and the false roof and the scaffolding vibrate in the wind like an instrument. It adds a rather eerie quality to what is already a strange experience. This room has had many different roles in the history of the house. It has variously been used for dining, as a parlour, and as a billiards room. An inventory from 1778 noted that it was painted dark green and hung with oil paintings; it was used as an entrance from the gardens and as an extension to the Marble Hall. After the fire the room was full of debris from the floors above which collapsed into it and a huge amount of salvage work has been done here. One of the fine fireplaces survives which gives a flavour of the intricate decoration that was once in the room.
The Marble Hall still retains its floor, which is damaged and covered over, and if you take the walkway to the left you can see down into the basement of the building and up to the sky. All the beams and flooring have gone but the fireplaces and some of the statues remain. It was an extraordinary feeling to stand in that space, feel the emptiness and try to imagine the original grandeur.
In the state bedroom some of the wallpaper, panelling and even the plasterwork was saved so the traces of what was here before can still be seen. Our guide told us that the bed hangings had been saved because by a miracle they had been taken down for renovation and were still parcelled up when the fire started. Even more miraculously, the dining room next door, known as the Speaker’s Parlour, remained largely unscathed. It is hoped that this will be open to view again soon. Little by little the house comes back to life.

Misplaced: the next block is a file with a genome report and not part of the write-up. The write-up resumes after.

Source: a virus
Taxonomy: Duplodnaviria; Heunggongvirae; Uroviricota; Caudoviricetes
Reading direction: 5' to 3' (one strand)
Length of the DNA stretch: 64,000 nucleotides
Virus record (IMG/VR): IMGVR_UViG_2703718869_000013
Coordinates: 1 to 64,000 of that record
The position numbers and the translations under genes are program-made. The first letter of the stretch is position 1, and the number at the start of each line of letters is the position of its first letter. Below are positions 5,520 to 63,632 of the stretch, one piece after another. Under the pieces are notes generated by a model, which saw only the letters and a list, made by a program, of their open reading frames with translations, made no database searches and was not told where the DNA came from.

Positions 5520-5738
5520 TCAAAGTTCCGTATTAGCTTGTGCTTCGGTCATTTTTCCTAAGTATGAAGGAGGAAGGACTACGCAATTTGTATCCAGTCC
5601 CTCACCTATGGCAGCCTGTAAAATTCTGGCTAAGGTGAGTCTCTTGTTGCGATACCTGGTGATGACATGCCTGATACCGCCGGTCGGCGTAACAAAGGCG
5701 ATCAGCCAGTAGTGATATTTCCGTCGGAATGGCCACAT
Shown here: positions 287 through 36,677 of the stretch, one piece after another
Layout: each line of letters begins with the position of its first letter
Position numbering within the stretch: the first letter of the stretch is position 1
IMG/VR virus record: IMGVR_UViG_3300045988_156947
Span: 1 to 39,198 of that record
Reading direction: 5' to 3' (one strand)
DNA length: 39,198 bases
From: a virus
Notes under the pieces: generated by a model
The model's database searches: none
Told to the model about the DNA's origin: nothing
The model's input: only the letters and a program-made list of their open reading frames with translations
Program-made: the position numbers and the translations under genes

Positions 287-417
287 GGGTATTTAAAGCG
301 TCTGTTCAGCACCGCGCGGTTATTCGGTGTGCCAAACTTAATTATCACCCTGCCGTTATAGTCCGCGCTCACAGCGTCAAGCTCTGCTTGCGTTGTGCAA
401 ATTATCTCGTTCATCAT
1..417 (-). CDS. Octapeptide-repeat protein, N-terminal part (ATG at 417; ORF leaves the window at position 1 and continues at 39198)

In addition, other parts of the house have been revealing secrets that would otherwise not have been known. Down in the basement is a room that in the Victorian period was called “The Butler’s Room.” Once the fire debris had been cleared it became apparent that the floor there was different from the rest of the house and that it contained brick and tile. Drains have been found that date prior to the time the house was built and are the remains of a previous house on the site, a Jacobean mansion whose footprint lay hidden beneath and would never have been found but for the fire. Whilst in no way underplaying the devastating effects of the fire, our guide emphasised the positive opportunities they now have at Clandon to learn about its history and construction and to make exciting progress going forward into the future.
After the emotion of touring the house we went out into the gardens, a beautiful landscape created by Capability Brown which subsequent owners and generations added to with a parterre, grotto and Dutch garden. The Dutch garden is gorgeous and felt exactly the right place to sit and think about all we had seen at Clandon, both the terrible destruction but also the secrets revealed and the hope for the future.
You can find out more about Clandon Park and the restoration project here.
When we restored Ashdown House we found lots of hidden things, from old newspapers to a secret passageway beneath the building. Have you ever seen "behind the scenes" at a place that usually looks quite different, and did you find anything that would normally be hidden? Do you think it's important to restore old houses or other properties that have been damaged by natural disasters or should we move on and put the money to other uses?